Patients are the new payers. We know you’ve heard it before. It’s practically the buzz-phrase of the year. Yet many healthcare organizations haven’t changed to allow for patient collections.
The facts are simple and so is the data:
- In 2017, patient responsibility made up nearly 30% of income for practices.
- High deductible health plans now cover an estimated 25% of consumers with employer-based coverage.
- Out-of-pocket healthcare costs continue to climb, increasing more than 53% between 2006 and 2016.
It’s time to make a move towards a patient financial experience model that walks the consumer through their current coverage, out-of-pocket responsibility, financing and payment options. In order to maximize your patient collections (and satisfaction), you need a comprehensive approach that identifies all sources and options for reimbursement and then communicates those options with the patient. Apparently, the other trending buzzword – price transparency – is on everyone’s lips for a reason.
According to research from Fierce Healthcare, patient satisfaction ratings fall by an average of 30% during the billing cycle. And in 2017, TransUnion reported that 68% of consumers were unable to pay after services were provided, and they expect that to rise to 95% by 2020, leaving you with a 5% chance of getting paid.
That’s why we’ve come up with 5 ways to maximize your patient collections.
1. Calculate propensity to pay. Your organization is constantly faced with the impact of not having correct patient information up-front in the revenue cycle. With no ability to steer patients into a relevant financial discussion, your back office is absorbing a lot of rework. But there are ways to change that.
Propensity to pay helps both your front and back office determine the next best actions to take with patient collections. High propensity to pay may mean an earlier, pre-service payment discussion to accelerate collection of cash. A lower score may lead to a discussion of a payment plan option. Both lead to a higher chance of collection, since staff are able to tailor financial discussions to better meet patient needs, and patients are then able to take the steps they need to find the money to pay prior to service. As it commonly understood, when patients pay a portion of their balance pre-service, they are more likely to pay the remainder of the bill.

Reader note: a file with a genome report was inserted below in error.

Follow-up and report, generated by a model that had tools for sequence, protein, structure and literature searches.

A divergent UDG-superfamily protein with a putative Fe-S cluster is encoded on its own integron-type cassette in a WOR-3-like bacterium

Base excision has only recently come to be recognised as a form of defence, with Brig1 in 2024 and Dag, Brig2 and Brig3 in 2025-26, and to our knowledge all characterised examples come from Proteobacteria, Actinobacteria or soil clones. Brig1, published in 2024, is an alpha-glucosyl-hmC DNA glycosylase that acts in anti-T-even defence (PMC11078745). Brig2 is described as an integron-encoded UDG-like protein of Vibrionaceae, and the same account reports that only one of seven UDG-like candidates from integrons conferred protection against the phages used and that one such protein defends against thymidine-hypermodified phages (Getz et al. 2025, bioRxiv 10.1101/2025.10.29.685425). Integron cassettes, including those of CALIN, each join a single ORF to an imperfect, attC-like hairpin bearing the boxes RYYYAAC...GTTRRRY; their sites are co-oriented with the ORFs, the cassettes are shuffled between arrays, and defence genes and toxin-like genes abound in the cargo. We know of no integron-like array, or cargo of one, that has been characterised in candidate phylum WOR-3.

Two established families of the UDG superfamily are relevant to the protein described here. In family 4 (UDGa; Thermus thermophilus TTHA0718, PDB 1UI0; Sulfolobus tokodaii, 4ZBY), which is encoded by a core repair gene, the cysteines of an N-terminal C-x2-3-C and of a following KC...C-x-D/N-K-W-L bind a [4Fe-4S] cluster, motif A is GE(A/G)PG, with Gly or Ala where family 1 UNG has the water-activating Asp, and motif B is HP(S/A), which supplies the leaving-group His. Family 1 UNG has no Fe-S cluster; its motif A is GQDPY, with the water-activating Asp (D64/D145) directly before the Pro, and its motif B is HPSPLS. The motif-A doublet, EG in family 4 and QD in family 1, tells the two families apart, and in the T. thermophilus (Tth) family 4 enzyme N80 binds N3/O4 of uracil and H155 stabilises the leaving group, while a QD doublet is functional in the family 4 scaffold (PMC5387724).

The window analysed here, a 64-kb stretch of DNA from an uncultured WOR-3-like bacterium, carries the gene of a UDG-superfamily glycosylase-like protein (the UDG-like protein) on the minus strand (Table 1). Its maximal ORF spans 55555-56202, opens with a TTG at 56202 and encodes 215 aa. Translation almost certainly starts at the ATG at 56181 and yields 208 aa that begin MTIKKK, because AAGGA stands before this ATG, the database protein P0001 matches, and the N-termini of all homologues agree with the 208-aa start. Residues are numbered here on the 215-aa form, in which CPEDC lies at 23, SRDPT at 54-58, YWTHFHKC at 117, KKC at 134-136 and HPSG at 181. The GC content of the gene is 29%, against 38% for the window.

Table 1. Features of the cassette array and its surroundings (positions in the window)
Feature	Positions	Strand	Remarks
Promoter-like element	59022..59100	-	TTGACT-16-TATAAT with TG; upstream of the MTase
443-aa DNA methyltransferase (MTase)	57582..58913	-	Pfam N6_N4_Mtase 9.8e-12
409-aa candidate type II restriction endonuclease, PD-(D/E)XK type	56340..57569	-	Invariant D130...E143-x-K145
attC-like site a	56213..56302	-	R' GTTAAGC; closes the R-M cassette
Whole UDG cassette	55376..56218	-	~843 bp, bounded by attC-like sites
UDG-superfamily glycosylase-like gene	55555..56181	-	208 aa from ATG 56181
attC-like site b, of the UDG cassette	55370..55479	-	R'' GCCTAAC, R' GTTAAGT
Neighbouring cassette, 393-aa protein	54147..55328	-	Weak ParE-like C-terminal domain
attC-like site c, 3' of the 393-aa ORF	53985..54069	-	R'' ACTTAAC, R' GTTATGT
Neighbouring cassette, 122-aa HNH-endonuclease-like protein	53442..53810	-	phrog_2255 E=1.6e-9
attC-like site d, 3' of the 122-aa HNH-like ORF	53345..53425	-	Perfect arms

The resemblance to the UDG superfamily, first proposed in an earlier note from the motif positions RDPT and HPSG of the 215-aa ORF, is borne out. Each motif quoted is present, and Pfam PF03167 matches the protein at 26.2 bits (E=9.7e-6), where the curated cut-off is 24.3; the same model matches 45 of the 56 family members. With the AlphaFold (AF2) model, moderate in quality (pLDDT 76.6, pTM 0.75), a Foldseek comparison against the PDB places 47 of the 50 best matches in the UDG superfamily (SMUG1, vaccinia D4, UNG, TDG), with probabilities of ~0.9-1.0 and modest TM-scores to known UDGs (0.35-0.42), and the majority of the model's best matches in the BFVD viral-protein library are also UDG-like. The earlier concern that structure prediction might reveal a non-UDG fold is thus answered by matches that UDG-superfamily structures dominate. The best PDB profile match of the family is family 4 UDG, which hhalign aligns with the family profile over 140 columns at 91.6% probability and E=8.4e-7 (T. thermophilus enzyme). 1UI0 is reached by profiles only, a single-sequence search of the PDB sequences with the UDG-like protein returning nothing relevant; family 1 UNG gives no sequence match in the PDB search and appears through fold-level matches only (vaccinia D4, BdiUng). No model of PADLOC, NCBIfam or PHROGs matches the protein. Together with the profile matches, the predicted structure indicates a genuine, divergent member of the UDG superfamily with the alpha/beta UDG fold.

2. Minimize early-out utilization (or cut out outsourcing altogether). Experienced, professional collection agencies ensure that payments happen in a timely manner. That’s their job. But if your staff is armed with detailed information about which patient accounts are likely to pay (and which aren’t), you won’t need to outsource. Then you can stop paying contingency fees for patient payments that were likely to come through on their own.
3. Optimize collection efforts. You may be facing high balance accounts with low propensity to pay or low balance accounts with high propensity to pay or maybe even a mixture of the two. To use staff time as efficiently as possible, however, you must use analytics to identify which of those balances will be hard to collect and which won’t. You need to analyze the effort each account requires as well as the chance of the account being paid out compared to the collections you will receive for said effort.
Staff shouldn’t just open their work queue and start cranking away on account collections. Rather, you should be reallocating your limited resources away from high-volume, low-reward work to only work the accounts that matter. A strategic use of analytics, like propensity to pay and financial aid determination, supports a personalized financial experience for patients, ultimately resulting in improved collections.
4. Implement online bill pay. According to a recent Becker’s study, 95% of patients indicate they are willing to pay a bill electronically, while only 20% of provider organizations indicate they have the infrastructure to meet this experience. But this problem is easily solved with the implementation of an online portal allowing for bill payment.
Moreover, healthcare organizations can influence the payments patients choose to make each month by recommending a default payment or suggesting to pay a larger portion of their bill in fewer installments. Either way, however, with a set plan in place and the ease of an online payment option, patients are much more likely to pay their portion of the bill.
The Wrap Up
With the ever-changing healthcare landscape, health systems are feeling the squeeze of reduced cash flow — no doubt the result of decreasing reimbursements and increased patient out-of-pocket.
Additionally, as people continue to shop around for the best healthcare experience, you must consciously strive to ensure that your organization is at the top of their list. To make sure that happens, you must streamline your revenue cycle and make a move towards a patient-centric model that is not only equipped for patient payment collection but encourages it.